19 Feb 2021

Ancient swamp kauri give clues on atmospheric changes to Earth from 42,000 years ago

4:00 pm on 19 February 2021

Ancient swamp kauri tree rings have shed light on crucial changes to the Earth's atmosphere, which may have led to mass extinction of megafauna and the beginning of cave art.

The northern lights stream across the arctic sky near Yellowknife, Northwest Territories in Canada.

The Adams Event would have caused frequent and dazzling light shows in the sky - similar to the Northern and Southern Lights. Photo: 123RF

Scientists from NIWA, the University of New South Wales Sydney (UNSW), the South Australian Museum, and the University of Waikato, have been working together on the study.

They looked at what was happening just before the event known as the Laschamp Excursion - the last time when the magnetic poles switched (north became south, south became north). This period lasted about 800 years, before the poles then flipped back.

Research up until this point has been particularly focused on the Laschamp Excursion.

It has looked at what that did to the Earth, and found that at the time, the magnetic field was about 28 percent of present-day strength.

But the new research showed that the most tumultuous period was in the build up, as the poles migrated across the face of the earth.

Using the radiocarbon data from the kauri trees, the researchers assessed what was happening to the geomagnetic field as the poles were migrating.

"We've known for a long time that the Earth's magnetic field polarity changed, about 41,000 years ago, we can see that in our natural archives," explained Andrew Lorrey, principal climate and environmental applications scientist at NIWA.

Dr Andrew Lorrey, Principal Scientist - Climate and Environmental Applications.

Dr Andrew Lorrey Photo: NIWA / Rebekah Parsons-King

"The interesting component here is that the strength of the magnetic field and how that waned through this period, that's not something that's been very well defined in the past," Dr Lorrey said.

This sequence has been dubbed the Adams Event, after Douglas Adams, the science fiction writer who wrote in The Hitchhikers Guide to the Galaxy that 42 was the answer to life, the universe, and everything.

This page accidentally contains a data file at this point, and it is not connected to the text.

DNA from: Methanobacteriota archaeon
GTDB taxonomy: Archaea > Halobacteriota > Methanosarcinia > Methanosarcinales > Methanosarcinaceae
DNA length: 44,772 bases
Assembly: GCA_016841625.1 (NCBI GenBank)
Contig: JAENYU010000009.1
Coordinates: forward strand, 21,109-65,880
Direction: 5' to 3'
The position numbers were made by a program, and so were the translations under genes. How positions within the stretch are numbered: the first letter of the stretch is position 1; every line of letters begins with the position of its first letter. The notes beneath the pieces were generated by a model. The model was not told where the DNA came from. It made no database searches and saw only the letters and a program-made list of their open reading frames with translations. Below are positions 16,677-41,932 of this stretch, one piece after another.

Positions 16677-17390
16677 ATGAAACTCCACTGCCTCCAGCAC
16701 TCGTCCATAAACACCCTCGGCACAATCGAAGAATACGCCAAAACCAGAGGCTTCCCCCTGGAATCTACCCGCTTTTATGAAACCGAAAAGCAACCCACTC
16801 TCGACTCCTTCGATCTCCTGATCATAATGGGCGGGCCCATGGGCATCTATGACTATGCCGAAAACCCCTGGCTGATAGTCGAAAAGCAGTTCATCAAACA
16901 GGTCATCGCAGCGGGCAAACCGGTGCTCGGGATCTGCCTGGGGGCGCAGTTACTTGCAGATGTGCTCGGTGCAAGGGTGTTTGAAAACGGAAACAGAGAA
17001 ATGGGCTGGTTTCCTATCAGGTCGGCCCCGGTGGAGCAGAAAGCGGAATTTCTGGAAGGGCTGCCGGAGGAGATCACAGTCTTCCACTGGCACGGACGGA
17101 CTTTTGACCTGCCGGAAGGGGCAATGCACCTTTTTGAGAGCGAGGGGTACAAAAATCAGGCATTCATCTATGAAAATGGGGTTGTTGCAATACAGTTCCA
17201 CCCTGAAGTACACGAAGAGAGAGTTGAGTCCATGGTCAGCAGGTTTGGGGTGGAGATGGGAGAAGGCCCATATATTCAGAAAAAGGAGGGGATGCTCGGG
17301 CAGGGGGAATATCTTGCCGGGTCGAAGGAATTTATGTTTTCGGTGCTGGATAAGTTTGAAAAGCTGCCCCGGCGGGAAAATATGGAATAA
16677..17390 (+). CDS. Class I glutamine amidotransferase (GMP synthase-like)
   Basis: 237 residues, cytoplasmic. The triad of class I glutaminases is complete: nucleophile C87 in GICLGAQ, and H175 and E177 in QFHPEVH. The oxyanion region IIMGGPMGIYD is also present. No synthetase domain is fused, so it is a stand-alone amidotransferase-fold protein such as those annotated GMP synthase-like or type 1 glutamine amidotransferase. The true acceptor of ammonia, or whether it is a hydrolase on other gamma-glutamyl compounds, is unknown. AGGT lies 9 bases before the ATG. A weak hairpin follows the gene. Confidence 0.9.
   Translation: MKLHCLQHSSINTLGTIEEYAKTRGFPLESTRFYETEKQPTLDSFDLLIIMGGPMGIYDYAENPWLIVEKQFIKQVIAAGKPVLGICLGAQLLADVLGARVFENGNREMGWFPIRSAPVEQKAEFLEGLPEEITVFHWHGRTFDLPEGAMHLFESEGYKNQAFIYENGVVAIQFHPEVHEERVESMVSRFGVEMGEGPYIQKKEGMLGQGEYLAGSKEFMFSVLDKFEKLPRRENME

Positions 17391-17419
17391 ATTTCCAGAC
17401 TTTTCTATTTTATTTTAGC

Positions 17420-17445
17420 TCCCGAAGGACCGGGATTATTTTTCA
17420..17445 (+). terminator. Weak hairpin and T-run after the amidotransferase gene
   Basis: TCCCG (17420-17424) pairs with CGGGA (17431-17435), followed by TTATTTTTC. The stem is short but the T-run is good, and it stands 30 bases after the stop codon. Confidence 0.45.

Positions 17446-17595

Radiocarbon data ascertained from the trees showed at this time, the geomagnetic field would have been between zero and 6 percent of what it is today, he said.

"We essentially had no magnetic field at all - our cosmic radiation shield was totally gone," said professor Chris Turney, from UNSW Science.

This would have caused frequent and dazzling light shows in the sky - similar to the Northern and Southern Lights - taking place all around the world. Electrical storms would also have been more prevalent.

Mass extinction event and the beginning of cave art

"The magnetic field protects us, from a lot of what happens with the sun, and also bombardment by cosmic rays," Dr Lorrey said.

"What we found was the magnetic field was greatly diminished prior to the full polarity flip, and that's when we think some climatic activity and response happened on Earth, about 42,000 years ago."

Ancient rock art, depicting animals and humans, is seen at the Chiribiquete National Park in Colombia on 2 July, 2018.

The study hypothesises that such an event led to the arrival of cave art. Photo: Diego Camilo Carranza Jimenez / Anadolu Agency / AFP

Evidence from around the world shows that during this period there was a mass extinction of megafauna.

"Unfiltered radiation from space ripped apart air particles in Earth's atmosphere, separating electrons and emitting light - a process called ionisation," Prof Turney said.

"The ionised air 'fried' the ozone layer, triggering a ripple of climate change across the globe."

The paper hypothesised that such an event led to the arrival of cave art, as early humans sought shelter from the extreme weather patterns.

It also suggested it could explain other evolutionary mysteries, such as the extinction of Neanderthals.

Kauri a 'valuable' resource for research

The discovery was only possible because of the unique circumstances offered to scientists by ancient swamp kauri.

The trunk of an ancient kauri tree from Ngāwhā, Northland.

The trunk of an ancient kauri tree from Ngāwhā, Northland. Photo: Supplied by NIWA / Nelson Parker

In the northern hemisphere, the peat bogs which preserved ancient trees were scraped away by the last ice age.

"Northland on the other hand, during the global last glacial maximum, was not glaciated," Dr Lorrey said. "So our peats in many places survived intact, and we have this wonderful treasure trove of older bog sediments, which have been preserved with wood in them.

"Nowhere else in the world do we have the volume, and time coverage of wood, and especially wood that allows us to make very long tree ring records.

"At any given clip, we can extract swamp kauri trees, and it's quite common to find 600 to 1000 rings on those trees, so they're very valuable for climate research and radio carbon research."

Meanwhile, he said the facilities at the University of Waikato were equally important.

It allowed the scientists to conduct high precision liquid scintillation to extract sequential blocks of wood consisting of 40 annual rings, from four ancient kauri logs.

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